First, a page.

// you’re reading...


Rochelle Whitehead talks about Antelope Park, Zimbabwe – Page 4

The daily routine for volunteers working with lions at Antelope Park, Zimbabwe…

READERSVOICE.COM: What were some of the things they taught you during training?

ROCHELLE WHITEHEAD: During my stay at Antelope Park the lion handlers helped me to develop confidence and to learn how to assert dominance when handling wild animals. I also learned to appreciate some of the practical realities associated with helping wild animals. It’s one thing to dream of helping to save lions from extinction; it’s another thing entirely to have to get your hands dirty cleaning enclosures and preparing raw meat for their dinners.

RV: What would you do in a typical day at the program, whether working with lions or not?

RW: A day in the life of an Antelope Park volunteer starts at 6:00am. In groups of three to four, accompanied by two lion handlers, each group takes out one of the five sets of lion cubs for a two hour walk in the park. This is followed by a buffet breakfast.

From 9:00am – 12:00pm my activities vary depending on what is needed most: I will make fences, develop new toys to stimulate the lions, conduct snare sweeps or prepare meat for the cub feeds. We then break for lunch until 2:00pm.

For the next two hours we usually clean enclosures, either for the walking cubs or for the lions at the breeding program. In the afternoon we take the cubs out for another walk for two hours. The idea is to get them out in their natural environment as much as possible to aid in release efforts.

Finally before dinner the volunteers meet for an end of day brief. This is to discuss what we did that day, appoint tasks for tomorrow and bring up anything that may be an issue.

RV: How did the lion breeding and rehabilitation project compare with your experiences working in Borneo with orang-utans?

RW: My experience in Borneo was completely different to my time spent at Antelope Park. Borneo had little hands on experience with the animals with much more building, cleaning and maintenance work.

Matang Wildlife Centre, where I was placed, was owned by Sarawak Forestry Department, a government department that had been privatised. The company, Way Out Experiences (WOX), with whom I volunteered, didn’t own the centre but merely worked there trying to improve the conditions for the animals.

As WOX had little say in decisions made, my placement there was a large learning curve from the organisational point of view. I began to understand that working in third world countries was much more difficult than I previously thought. I learned that patience, persistence and a thorough understanding of other cultures are all vitally important. With these things we can begin to slowly improve conditions for the animals housed there.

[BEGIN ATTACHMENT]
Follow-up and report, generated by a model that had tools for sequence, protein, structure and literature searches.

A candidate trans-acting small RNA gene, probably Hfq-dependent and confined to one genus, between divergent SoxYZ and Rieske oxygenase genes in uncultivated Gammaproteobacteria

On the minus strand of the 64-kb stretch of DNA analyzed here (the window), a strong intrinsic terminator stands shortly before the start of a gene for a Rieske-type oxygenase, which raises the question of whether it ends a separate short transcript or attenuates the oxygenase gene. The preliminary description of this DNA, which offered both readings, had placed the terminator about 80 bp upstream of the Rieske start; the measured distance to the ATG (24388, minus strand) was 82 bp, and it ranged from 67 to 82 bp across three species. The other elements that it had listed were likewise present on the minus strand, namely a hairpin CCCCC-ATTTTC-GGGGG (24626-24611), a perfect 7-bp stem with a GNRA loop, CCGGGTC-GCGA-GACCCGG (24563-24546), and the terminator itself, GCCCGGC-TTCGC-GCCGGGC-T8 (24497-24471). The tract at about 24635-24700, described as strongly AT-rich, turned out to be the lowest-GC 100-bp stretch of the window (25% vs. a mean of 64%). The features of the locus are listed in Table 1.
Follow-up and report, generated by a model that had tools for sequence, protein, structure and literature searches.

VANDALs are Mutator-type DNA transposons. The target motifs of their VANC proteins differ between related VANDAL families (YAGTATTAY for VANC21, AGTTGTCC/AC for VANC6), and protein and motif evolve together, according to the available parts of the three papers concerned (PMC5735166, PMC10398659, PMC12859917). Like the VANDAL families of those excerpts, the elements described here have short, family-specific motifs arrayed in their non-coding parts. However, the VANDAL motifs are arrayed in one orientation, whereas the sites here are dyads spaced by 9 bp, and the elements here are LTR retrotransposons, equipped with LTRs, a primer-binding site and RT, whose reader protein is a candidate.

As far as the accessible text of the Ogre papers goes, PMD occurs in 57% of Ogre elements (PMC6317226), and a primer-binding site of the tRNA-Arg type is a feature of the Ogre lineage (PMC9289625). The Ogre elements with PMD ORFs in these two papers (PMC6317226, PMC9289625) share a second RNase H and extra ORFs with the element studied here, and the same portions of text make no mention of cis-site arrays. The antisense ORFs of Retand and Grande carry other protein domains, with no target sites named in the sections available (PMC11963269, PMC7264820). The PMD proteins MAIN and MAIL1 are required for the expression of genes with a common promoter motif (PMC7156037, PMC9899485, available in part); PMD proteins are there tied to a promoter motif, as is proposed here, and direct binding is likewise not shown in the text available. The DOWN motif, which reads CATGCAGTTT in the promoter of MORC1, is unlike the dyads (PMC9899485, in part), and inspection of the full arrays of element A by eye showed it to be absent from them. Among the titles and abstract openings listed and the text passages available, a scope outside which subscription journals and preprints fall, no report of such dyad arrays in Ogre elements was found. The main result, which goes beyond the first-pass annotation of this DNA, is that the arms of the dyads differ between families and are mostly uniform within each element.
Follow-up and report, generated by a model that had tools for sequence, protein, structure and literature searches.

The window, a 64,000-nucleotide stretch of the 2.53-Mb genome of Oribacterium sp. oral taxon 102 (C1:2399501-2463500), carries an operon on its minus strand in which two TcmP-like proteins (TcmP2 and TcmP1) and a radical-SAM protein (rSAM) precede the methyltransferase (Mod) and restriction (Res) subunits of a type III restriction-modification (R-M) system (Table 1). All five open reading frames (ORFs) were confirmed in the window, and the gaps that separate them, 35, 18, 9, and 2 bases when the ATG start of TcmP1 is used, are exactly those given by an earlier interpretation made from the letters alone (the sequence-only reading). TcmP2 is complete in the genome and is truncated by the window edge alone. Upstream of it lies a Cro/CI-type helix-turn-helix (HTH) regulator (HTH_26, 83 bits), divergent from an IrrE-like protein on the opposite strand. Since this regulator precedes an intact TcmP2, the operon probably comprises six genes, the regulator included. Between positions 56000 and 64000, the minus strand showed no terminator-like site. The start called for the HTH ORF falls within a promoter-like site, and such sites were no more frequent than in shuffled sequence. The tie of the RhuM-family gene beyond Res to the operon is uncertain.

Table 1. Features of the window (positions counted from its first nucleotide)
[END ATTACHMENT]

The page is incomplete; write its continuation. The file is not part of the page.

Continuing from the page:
In contrast, Antelope Park was more of a breeding program than a rehabilitation centre. Hands-on experience with the lions for the volunteers was first priority. At Antelope Park I developed my knowledge further about animal behaviour and conservation, as opposed to organisational management at Matang Wildlife Centre.

RV: Overall do you have an optimistic viewpoint about the future of the environment and wild animals, what with the rate of tree clearing and human population increase, or is environmentalism about stalling environmental destruction as long as possible?

RW: In past decades environmentalism was about conserving the environment and repairing damage previously done. Now it seems that environmentalists are indeed only stalling environmental destruction from future loss.

If I didn’t have at least some hope for the survival of our planet’s wild animals and our precious environment I would not be able to continue down the path I have chosen. Every day at university I learn more disturbing facts about the current status of our planet’s environment and about the consequences of the decisions made by our political leaders –decisions which far too often sacrifice our environment in favour of the economy. I agree that the future looks dire and that this dire future is much closer than we previously thought, but if we live in a world without hope, what is left?

RV:What are some of your plans?

RW: My immediate plans are to finish my dual degree in 2009. I will immediately look for a zoologist position involved with the rehabilitation and research of a particular species of animal. After gaining more first hand practical conservation experience, I hope to eventually work in a management position for an animal welfare organisation. Whatever I end up doing, I hope that I can make a difference.